In his prepared testimony, Comey said he did not inform Attorney General Jeff Sessions that Trump, as Comey describes it, asked him to “let go” the FBI investigation into Flynn. Comey said he did this because he expected Sessions to recuse himself into any investigations involving Russia because the attorney general—a former Alabama senator who endorsed Trump early in the 2016 campaign—had met with Russian Ambassador Sergey Kislyak during the campaign, a fact he failed to disclose during his confirmation hearing.
Sen. Ron Wyden (D-Ore.) asked Comey whether the FBI’s leadership team did not inform Sessions about Comey’s interactions with Trump because of “the attorney general’s own interactions with the Russians or his behavior with regard to the investigation.”
Comey responded: “Our judgment, as I recall, was that he was very close to and inevitably going to recuse himself for a variety of reasons. We also were aware of facts that I can’t discuss in an open setting that would make his continued engagement in a Russia-related investigation problematic.”
It is certain that Comey’s mention of “facts that I can’t discuss in an open setting” will emerge as a major point of interest.
3) Decision to announce findings in Clinton email investigation
One of the most consequential decisions Comey made as FBI director—at least among those we know about—was his unilateral decision to announce on July 5 the Bureau’s findings in its investigation into Clinton’s use of a private email server for her work as secretary of state.
It is unusual for the FBI director, rather than the attorney general or other Justice Department officials, to make such an announcement.
Comey says he did so because then-Attorney General Loretta Lynch appeared to have compromised her integrity by meeting privately with former President Bill Clinton on an airport tarmac while the investigation into his wife was ongoing.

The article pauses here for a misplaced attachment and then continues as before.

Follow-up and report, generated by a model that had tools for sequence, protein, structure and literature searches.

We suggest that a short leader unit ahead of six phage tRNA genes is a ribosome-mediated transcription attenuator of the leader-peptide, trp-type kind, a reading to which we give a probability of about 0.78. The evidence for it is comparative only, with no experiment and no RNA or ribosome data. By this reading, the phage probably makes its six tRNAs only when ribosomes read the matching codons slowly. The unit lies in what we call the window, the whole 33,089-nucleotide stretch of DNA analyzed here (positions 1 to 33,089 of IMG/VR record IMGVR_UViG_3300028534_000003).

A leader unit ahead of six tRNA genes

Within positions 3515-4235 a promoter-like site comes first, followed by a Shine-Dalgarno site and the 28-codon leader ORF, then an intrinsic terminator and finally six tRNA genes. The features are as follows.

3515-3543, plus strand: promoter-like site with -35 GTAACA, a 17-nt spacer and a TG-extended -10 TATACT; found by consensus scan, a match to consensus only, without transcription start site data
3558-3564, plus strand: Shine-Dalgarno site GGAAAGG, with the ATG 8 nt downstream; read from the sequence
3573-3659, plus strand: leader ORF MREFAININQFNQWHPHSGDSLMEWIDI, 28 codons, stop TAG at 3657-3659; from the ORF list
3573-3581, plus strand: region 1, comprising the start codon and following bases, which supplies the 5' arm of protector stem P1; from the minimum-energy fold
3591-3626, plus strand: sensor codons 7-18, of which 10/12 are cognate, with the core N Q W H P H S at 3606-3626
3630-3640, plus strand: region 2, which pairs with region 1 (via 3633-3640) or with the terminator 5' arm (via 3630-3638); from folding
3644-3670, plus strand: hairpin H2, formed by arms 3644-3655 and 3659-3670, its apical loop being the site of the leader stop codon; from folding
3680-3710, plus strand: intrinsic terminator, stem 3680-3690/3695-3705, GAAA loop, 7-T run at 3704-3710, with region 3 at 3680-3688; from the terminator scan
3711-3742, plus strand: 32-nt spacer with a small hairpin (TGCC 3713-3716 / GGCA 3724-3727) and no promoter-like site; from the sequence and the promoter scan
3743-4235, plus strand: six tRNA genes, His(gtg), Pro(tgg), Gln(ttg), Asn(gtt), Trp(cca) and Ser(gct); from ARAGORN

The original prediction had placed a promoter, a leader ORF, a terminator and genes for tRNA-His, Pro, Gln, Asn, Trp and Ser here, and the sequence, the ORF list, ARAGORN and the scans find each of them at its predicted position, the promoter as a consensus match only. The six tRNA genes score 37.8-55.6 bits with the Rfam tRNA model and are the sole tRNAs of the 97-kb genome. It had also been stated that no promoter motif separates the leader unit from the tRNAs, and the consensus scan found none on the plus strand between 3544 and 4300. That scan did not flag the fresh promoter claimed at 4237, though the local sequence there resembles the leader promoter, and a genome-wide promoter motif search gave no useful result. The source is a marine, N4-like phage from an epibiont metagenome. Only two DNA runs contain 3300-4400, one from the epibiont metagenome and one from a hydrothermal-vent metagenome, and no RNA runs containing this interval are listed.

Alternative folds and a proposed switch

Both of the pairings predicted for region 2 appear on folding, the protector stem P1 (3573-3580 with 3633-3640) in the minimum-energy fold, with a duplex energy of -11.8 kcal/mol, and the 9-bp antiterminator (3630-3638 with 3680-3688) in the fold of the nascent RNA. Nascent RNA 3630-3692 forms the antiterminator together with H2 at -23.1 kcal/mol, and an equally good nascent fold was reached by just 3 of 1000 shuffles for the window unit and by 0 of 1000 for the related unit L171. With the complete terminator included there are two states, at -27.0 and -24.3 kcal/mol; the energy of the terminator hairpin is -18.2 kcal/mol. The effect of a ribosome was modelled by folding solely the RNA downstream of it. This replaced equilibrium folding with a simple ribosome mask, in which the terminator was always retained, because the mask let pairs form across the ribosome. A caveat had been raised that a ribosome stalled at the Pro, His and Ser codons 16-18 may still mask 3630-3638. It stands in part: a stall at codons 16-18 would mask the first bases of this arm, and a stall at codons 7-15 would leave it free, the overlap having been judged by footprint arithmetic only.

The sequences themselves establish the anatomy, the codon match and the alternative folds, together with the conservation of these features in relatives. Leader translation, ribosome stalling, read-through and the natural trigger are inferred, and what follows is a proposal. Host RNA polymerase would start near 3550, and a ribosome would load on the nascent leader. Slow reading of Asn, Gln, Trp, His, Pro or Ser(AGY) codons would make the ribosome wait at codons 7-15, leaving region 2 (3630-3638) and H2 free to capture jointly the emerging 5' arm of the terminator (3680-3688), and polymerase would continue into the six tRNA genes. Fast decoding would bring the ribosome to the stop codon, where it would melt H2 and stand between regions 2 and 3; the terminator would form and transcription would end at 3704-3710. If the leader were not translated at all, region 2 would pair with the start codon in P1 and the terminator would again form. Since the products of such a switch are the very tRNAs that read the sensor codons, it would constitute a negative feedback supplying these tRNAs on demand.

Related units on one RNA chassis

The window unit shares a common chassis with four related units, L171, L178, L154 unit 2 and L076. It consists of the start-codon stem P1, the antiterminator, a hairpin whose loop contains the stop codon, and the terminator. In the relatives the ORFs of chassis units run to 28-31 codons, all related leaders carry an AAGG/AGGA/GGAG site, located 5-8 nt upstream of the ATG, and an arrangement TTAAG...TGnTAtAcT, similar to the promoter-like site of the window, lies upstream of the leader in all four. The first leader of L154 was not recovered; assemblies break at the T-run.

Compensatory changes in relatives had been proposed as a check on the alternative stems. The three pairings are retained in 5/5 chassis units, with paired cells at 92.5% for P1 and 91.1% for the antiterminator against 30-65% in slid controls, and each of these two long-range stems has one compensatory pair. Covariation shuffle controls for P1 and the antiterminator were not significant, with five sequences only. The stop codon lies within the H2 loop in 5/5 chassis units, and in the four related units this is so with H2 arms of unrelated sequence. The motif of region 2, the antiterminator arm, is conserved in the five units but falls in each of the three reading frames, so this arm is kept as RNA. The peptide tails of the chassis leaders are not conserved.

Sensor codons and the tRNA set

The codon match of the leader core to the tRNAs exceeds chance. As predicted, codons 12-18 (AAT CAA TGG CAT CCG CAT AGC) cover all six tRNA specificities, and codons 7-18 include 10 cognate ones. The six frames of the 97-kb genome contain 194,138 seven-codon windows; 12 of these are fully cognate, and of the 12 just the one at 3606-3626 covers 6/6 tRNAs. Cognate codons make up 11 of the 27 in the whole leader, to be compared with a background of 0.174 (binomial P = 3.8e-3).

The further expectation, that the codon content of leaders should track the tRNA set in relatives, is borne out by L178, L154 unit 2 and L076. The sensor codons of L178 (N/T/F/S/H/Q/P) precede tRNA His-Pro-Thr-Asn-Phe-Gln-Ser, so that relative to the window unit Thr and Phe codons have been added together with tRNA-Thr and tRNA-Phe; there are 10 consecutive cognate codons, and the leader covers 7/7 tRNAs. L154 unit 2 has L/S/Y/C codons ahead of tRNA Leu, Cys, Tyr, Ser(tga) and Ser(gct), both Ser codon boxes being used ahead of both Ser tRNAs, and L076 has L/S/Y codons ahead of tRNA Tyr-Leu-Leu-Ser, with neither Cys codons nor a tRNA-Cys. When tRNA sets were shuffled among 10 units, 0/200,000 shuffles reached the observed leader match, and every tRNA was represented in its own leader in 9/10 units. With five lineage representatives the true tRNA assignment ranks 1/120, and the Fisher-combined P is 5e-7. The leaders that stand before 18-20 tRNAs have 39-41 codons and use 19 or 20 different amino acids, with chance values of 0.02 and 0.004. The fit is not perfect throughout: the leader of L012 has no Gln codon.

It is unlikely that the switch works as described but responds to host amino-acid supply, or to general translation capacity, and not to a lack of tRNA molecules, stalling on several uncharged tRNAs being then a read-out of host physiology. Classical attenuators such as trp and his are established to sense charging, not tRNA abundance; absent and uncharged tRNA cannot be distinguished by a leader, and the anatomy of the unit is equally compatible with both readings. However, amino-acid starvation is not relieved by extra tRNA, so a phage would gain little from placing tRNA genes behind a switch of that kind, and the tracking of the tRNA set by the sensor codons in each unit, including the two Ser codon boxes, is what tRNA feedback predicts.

During Thursday’s hearing, Comey said there were “other things that contributed” to that decision—but at least one of them is classified. “One significant item I can’t [discuss in open session], I know the committee’s been briefed on,” Comey said. “There’s been some public accounts of it, which are nonsense, but I understand the committee’s been briefed on the classified facts.”
Comey did confirm one key detail, however: He said Lynch “had directed me not to call it an investigation, but instead to call it a matter, which confused me and concerned me.” Trump supporters have singled out this claim as clear evidence of the Obama administration attempting to inappropriately help Clinton’s election chances against Trump.
4) Whether Trump colluded with Russia
Sen. Tom Cotton (R-Ark.) directly asked Comey, “Do you believe Donald Trump colluded with Russia?” Comey said he could not discuss his answer in public.
“That’s a question I don’t think I should answer in an open setting,” Comey replied. “When I left, we did not have an investigation focused on President Trump. But that’s a question that will be answered by the investigation, I think.”
5) Jared Kushner’s reported attempts to set up back channels with Russia
In May, the Washington Post and New York Times reported that Jared Kushner, Trump’s son-in-law and White House adviser, attempted to set up back-channel communications with Russia’s ambassador ahead of the president’s inauguration.
The White House has not officially denied that Kushner attempted to do so. And the reports have sparked ample debate over whether the alleged talks of back channels were appropriate, if not illegal.